When Jesus taught about his own purpose, he frequently referenced two Old Testament figures: Moses and Elijah. These two embodied the Law and the Prophets, standing for the traditions that Christ both fulfilled and transcended. It was Moses and Elijah who appeared at Jesus’s transfiguration, ratifying Jesus’s messianic role with their own authority. And Moses and Elijah were and still are evoked in the Passover feast, which in turn typifies Christ’s atoning sacrifice.
As Christ’s ministry and preaching demonstrated his fulfillment of the Mosaic law, Jesus’s teachings and actions also followed patterns found in the Elijah narrative of 1 Kings. Elijah’s struggle with the corruption that had taken over the Israelite government of his day prefigured Jesus’s contention with the corrupt scribes and Pharisees of Jerusalem. Likewise, Elijah left the courts and cities to commune with God in the wilderness, mourning the wickedness of his people and setting the pattern for Jesus’s forty-day fast in the wilderness, preparation for his own role as redeemer of the house of Israel. Many of Jesus’s contemporaries wondered if he was Elijah himself come back to earth. In this, they recognized the preparatory messianic role described by Malachi, who said that Elijah’s return would signal the “great and dreadful day of the Lord” when all things would be restored and made right (Malachi 4:5).
But there is another way in which Jesus follows the pattern of Elijah. In Luke 4, Jesus speaks of the people’s rejection of his authority and ministry, recalling Elijah’s own exile from his homeland: “Verily I say unto you, No prophet is accepted in his own country. But I tell you of a truth, many widows were in Israel in the days of Elias, when the heaven was shut up three years and six months, when great famine was throughout all the land; But unto none of them was Elias sent, save unto Sarepta, a city of Sidon, unto a woman that was a widow” (Luke 4:24-26).
Jesus could have referenced any of several confrontational encounters between Elijah and the corrupt court of Israel. But while Elijah engages in many demonstrations of miraculous power, this visit to the widow of Sarepta (or Zarephath, as it is identified in 1King 17) is one of the few stories in which he finds an ally in faith. What qualities did the widow of Sarepta have that were worthy of Jesus’s mention?
Directed by the Lord, Elijah arrived at her home as a beggar in need of food and shelter. At this point, the woman’s faithful heroism overcame two legitimately reasonable objections. A widow living in poverty, she could have simply insisted that her circumstances were too precarious, and she would have been justified in turning Elijah away. She was also a foreigner, a woman who had made no covenants to believe or support Israelite prophets. But she did not follow the example of her compatriot, the Baal-worshipping prophet-persecutor, Queen Jezebel. Although this widow could have seen Elijah as her enemy, she was receptive to the Lord’s injunction to help him (1 Kings 17:9). Although she did not belong to the house of Israel, she nonetheless offered her hospitality, believed in the efficacy of divine promises, and by her faith allowed miracles to happen.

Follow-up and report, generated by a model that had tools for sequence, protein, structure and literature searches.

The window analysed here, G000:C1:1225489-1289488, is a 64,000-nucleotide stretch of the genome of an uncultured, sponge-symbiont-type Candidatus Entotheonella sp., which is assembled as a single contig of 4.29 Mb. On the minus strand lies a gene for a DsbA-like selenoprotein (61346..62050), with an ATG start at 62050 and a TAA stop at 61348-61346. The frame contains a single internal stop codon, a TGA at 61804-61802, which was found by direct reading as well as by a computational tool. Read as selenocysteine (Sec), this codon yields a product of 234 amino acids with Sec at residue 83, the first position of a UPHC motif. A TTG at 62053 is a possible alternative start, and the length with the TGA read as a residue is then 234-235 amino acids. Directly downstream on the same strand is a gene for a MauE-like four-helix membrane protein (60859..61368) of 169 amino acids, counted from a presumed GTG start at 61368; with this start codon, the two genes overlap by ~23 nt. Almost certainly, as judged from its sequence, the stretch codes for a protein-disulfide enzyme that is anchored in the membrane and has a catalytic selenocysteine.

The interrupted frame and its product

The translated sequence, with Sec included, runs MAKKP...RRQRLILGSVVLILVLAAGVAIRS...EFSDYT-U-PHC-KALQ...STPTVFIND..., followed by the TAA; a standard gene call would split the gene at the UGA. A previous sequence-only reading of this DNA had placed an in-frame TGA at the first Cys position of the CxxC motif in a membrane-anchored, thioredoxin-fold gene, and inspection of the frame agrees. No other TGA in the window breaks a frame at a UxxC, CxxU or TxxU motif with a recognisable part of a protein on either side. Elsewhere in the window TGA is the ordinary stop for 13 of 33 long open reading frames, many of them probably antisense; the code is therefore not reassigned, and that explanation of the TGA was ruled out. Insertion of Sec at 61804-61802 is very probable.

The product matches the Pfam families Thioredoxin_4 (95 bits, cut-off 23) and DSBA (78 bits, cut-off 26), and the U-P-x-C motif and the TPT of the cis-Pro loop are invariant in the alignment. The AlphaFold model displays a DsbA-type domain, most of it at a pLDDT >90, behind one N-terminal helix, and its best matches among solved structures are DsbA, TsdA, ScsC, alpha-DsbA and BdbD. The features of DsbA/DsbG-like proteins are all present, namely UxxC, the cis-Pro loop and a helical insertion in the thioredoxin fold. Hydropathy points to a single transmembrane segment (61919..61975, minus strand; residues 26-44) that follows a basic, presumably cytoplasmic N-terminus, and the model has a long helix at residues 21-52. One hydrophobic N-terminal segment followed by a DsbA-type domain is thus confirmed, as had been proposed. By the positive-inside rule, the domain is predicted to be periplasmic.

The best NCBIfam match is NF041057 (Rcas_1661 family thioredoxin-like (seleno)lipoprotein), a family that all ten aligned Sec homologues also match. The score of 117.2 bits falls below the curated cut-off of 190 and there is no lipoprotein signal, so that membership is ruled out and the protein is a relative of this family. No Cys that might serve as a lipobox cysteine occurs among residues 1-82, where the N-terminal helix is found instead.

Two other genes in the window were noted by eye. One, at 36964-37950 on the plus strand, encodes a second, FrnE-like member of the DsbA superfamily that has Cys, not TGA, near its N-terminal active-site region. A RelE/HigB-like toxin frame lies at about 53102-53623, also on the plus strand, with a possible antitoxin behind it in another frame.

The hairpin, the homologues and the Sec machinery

Like Elijah, Jesus was also nurtured and protected by many women disciples. Some were widows, some not. Most were of the house of Israel, but some were not. He cited the story of Elijah and the Sidonian widow early in his ministry and while preaching in his own home region of Galilee, but Jesus later journeyed northwest to the neighboring Sidon, following in the footsteps of the exiled Elijah. There he met a local woman who begged him to heal her daughter. When he replied that he was sent to minister only to the house of Israel, she was persistent, and he relented: “O woman, great is thy faith: be it unto thee even as thou wilt. And her daughter was made whole from that very hour” (Matthew 15:28).
Jesus’s ministry was limited by geography and time, but his interactions with women, whether foreigners or Israelite, privileged or destitute, was telling. These encounters resulted in miracles of spiritual and physical healing. The women he met were quick to recognize Jesus’s divinity and to exercise faith in him. He in his turn was quick to recognize their worth as souls, quick to give blessings in exchange for their ministry of hospitality, and always ready to tell their stories and insist on their value when he taught his own apostles.
What can we learn? The faith of these women can be emulated by anyone. We don’t need status, privilege, or property to be attuned to the Spirit and to exercise great faith. But Elijah and Jesus show a kind of faith as well. Their faith is not in traditions, hierarchies, or ethnic boundaries but in the human spirit at its most vulnerable and most pure. They received the ministry of those of humble means and had the discernment to recognize humanity’s capacity to love and believe. They recognized the worth of these souls and acknowledged them as women of faith and power, workers in the divine ministry of God. And both sides were blessed.